DOST facility targets malnutrition


The Department of Science and Technology-Food and Nutrition Research Institute (DOST-FNRI) has launched a complementary food production facility in Antique to help fight the high incidence of malnutrition in the province and the region.

A worker operating a machine to produce rice mongo crunchies, a “complementary food.” DOST PHOTO

A collaborative project of the DOST-FNRI and the Univesity of Antique, the facility is intended to develop science-based interventions to address the malnutrition problem. Its initial product will be a ready-to-cook complementary food blend branded as Morise (mongo-rice-sesame).

“Fighting malnutrition does not need to be expensive. It can be solved by using the proper technology in a cost-effective manner,” DOST VI Regional Director Rowen Gelonga commented about the project.

The University of Antique was one of the pilot sites for a complementary food project under the Package for Improvement of Nutrition of Young Children (PINOY) program of the DOST from 2013. The project sought to implement a feeding program for malnourished children aged 6 to 35 months using complementary food technology developed by the DOST-FNRI.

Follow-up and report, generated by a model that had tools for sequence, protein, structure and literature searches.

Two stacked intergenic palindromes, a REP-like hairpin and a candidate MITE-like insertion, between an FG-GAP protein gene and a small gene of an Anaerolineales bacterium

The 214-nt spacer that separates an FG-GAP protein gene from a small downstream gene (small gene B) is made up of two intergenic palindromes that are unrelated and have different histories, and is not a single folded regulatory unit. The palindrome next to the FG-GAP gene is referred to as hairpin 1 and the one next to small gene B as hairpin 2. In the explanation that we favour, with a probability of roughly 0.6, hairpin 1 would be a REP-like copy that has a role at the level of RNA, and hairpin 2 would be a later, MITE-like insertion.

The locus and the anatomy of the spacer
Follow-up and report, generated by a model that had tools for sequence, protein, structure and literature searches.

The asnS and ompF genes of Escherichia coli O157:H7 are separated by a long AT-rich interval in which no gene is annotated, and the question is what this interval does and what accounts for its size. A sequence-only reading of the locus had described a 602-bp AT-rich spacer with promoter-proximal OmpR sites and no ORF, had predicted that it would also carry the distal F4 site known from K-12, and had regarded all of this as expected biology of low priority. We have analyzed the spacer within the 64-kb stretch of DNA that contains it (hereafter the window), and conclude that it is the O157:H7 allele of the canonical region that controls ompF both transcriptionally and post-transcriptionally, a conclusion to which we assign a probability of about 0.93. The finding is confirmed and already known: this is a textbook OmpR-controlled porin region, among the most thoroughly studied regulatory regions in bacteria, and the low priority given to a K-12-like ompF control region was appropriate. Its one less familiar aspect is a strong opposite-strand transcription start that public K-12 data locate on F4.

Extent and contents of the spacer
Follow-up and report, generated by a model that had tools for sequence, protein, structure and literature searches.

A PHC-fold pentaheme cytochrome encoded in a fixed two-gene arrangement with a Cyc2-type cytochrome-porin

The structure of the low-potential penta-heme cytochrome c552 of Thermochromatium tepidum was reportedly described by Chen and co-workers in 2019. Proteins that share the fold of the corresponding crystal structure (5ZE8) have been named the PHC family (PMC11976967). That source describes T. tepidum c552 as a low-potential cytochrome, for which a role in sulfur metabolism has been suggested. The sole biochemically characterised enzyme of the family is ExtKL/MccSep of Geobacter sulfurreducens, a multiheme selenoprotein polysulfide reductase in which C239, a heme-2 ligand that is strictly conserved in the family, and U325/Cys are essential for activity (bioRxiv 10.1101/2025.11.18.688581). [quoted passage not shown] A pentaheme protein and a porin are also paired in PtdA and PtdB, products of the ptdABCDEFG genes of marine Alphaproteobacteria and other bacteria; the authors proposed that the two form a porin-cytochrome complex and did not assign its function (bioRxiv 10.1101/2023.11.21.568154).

Complementary foods are considered a “jump start” to the household diets of infants and very young children, and a study of the outcomes of the PINOY program showed significant improvement in their nutritional status.

In 2013 and 2015, DOST-FNRI provided equipment for the production of rice mongo crunchies, rice mongo curls, and rice mongo instant baby food blend. Since the full implementation of the feeding program in 2013, the university has catered to the feeding requirements of the local government units of Antique, Aklan, Capiz and Iloilo.


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